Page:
Denver Nuggets' Disaster Plan with Departure of Andre Iguodala

Nick JuskewyczContributor IIIJuly 6, 2013

OAKLAND, CA - APRIL 28:  Andre Iguodala #9 of the Denver Nuggets drives against Draymond Green #23 of the Golden State Warriors during Game Four of the Western Conference Quarterfinals of the 2013 NBA Playoffs at ORACLE Arena on April 28, 2013 in Oakland, California. NOTE TO USER: User expressly acknowledges and agrees that, by downloading and or using this photograph, User is consenting to the terms and conditions of the Getty Images License Agreement.  (Photo by Jed Jacobsohn/Getty Images)
Jed Jacobsohn/Getty Images

What a slap in the face for the Denver Nuggets

Not only is Andre Iguodala joining the team that knocked the Nuggets out of the playoffs last season, he waited until most of the shooting guards had already signed with other franchises.

Yahoo! Sports' Adrian Wojnarowski reported on Friday that Iguodala agreed to terms with the Golden State Warriors on a four-year deal worth $48 million. What's even tougher for Denver to swallow is that, according to Wojnarowski, Denver offered Iguodala a better deal than he took with the Warriors.

Just moments after the news, Ty Lawson certainly wasn't happy.

Now where do the Nuggets turn? Shooting guards Tony Allen, J.R. Smith and Kevin Martin have already reached their agreements even though contracts can't become official until July 10.

Denver is in a very stressful place. 


Option A: Sign Monta Ellis

The bottom line is that there are no shooting guards left that are as valuable or diverse as Iggy. The Nuggets are still tied up with almost $52 million in guaranteed money for the 2013-14 season, according to Hoopsworld. There isn’t a lot of flexibility, but there is still a little bit of room left for Denver to make something happen

There is still one guard remaining who stands above the rest—Monta Ellis. The Nuggets are now in serious pursuit of Monta after losing Iguodala, according to

Acquiring Ellis would be a huge score for Denver in regard to his speed, scoring and passing. He can play in the pick-and-roll, on the fast break and catch fire from three. He can also create his own shot and is superb at finding ways to score at the rim.

Monta is also small for a shooting guard at 6'3", but he’s had experience playing the 2 beside Brandon Jennings in Milwaukee.

That leads to the downside of this. Ellis and Jennings had some good moments and some bad ones. Both guards were scorers and took turns on who was going to be the go-to guy.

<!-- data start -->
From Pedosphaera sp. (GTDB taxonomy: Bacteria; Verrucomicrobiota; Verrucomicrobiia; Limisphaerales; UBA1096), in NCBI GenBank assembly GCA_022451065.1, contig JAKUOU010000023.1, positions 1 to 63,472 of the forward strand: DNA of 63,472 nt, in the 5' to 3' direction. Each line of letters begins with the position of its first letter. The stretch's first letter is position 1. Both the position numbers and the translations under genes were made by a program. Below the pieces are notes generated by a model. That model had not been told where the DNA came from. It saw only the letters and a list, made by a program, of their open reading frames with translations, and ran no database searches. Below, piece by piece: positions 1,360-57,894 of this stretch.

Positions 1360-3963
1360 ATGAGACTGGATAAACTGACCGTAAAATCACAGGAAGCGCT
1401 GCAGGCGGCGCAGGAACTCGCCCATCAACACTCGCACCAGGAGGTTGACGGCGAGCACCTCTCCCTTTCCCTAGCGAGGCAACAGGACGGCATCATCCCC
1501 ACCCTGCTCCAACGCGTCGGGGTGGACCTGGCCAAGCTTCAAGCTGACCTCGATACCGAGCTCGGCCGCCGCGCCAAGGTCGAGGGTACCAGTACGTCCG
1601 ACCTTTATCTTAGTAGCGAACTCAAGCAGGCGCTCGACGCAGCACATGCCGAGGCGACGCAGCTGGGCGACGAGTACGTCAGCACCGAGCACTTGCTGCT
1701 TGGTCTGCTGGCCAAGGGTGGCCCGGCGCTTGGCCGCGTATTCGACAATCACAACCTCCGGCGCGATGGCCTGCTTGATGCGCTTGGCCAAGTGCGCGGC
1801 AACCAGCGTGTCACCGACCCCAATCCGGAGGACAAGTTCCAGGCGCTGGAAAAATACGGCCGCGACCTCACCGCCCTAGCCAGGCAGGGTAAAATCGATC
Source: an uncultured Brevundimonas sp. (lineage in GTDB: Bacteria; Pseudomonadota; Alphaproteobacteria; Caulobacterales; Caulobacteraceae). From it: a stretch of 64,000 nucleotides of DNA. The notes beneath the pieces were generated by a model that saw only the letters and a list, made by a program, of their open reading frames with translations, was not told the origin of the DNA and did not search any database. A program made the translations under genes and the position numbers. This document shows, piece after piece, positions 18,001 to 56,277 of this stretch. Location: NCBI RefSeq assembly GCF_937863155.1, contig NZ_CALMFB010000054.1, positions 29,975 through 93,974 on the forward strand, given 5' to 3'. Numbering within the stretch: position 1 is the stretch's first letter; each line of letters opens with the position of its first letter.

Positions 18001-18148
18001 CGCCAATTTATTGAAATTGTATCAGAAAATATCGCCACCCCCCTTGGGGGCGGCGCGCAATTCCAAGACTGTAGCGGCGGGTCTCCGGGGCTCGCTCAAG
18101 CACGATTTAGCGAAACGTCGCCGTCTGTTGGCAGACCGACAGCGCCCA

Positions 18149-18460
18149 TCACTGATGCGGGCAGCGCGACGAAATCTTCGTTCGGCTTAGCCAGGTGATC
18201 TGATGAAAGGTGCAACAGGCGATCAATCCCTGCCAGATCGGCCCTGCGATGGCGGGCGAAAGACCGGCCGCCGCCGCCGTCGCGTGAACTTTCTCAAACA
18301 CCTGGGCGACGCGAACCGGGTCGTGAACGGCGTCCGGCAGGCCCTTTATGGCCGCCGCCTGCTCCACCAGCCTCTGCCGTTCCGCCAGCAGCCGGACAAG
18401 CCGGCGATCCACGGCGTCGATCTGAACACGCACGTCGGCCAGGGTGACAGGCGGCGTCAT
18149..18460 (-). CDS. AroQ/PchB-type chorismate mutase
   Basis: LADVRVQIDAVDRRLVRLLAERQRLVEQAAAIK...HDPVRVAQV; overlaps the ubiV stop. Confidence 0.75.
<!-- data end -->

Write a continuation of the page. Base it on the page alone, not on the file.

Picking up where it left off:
Ellis would be in the same situation with Lawson.

Granted Lawson and Iggy were both scorers to a certain extent, but they were both completely different types of players. Ellis is more similar to Lawson than Iguodala in regard to their statistics, physical size and getting by defenders with their speed.

Brian Shaw would need to come up with another scheme than the dribble-drive motion offense for a starting lineup of Lawson, Ellis, Danilo Gallinari (once he recovers from his ACL injury), Kenneth Faried and JaVale McGee. There would need to be a stronger emphasis on pick-and-rolls in creating mismatches along with getting Ellis the ball off of baseline screens and curls.  

It’s not that Ellis and Lawson can’t coexist, but it is a challenge and a learning process. Lawson is signed through the 2016-17 season, and Ellis isn't the type of player Denver would sign for just one or two years.

If Shaw has a plan for the two, it has the potential to be one of the most dangerous backcourts in the NBA.


Option B: Sign Gary Neal

According to ESPN's Marc Stein, Gary Neal is unlikely to sign with the San Antonio Spurs after they landed Marco Belinelli. Neal is a restricted free agent and was extended his qualifying offer, but he has been offered more money from other teams, according to Stein and Ramona Shelburne of

While Neal won't provide the rebounding, passing or explosiveness that Iguodala can, he would be an excellent deep threat and solid defender on the perimeter.

Just ask the Miami Heat.

Neal is entering his fourth season and has averaged a steady 9.7 points in 21.4 minutes in his career. If he worked his way into the starting five with Denver and saw around 27 minutes, Neal could be that consistent and dangerous outside threat the Nuggets needed last season.

Denver will already have Lawson, Gallinari, Faried and McGee as the other four starters that can play effectively in transition. Putting Neal into that mix as someone who can float to the wing while the others attack will give the opposing transition defense nightmares.

This gives the Nuggets a third player at the 2, with the others being Evan Fournier and rookie Erick Green. Then Brian Shaw has a chance to see these guys develop and find his best rotation as the season progresses.

It’s not ideal, but Neal fits on this team.


Looking Ahead

After a decent NBA draft, the Nuggets are not executing any of their game plans in free agency. It’s not like the Cleveland Cavaliers banking on LeBron James coming back to Cleveland in 2010, but the Nuggets needed Iguodala to stick around given his late decision.

Now with Golden State getting even better—and the Houston Rockets acquiring Dwight Howard, which he confirmed via Twitter—the Nuggets are falling behind in the West.

Scoring Ellis would help Denver catch up.

The Nuggets front office has made some drastic changes in the last month, but it must step its game up quickly.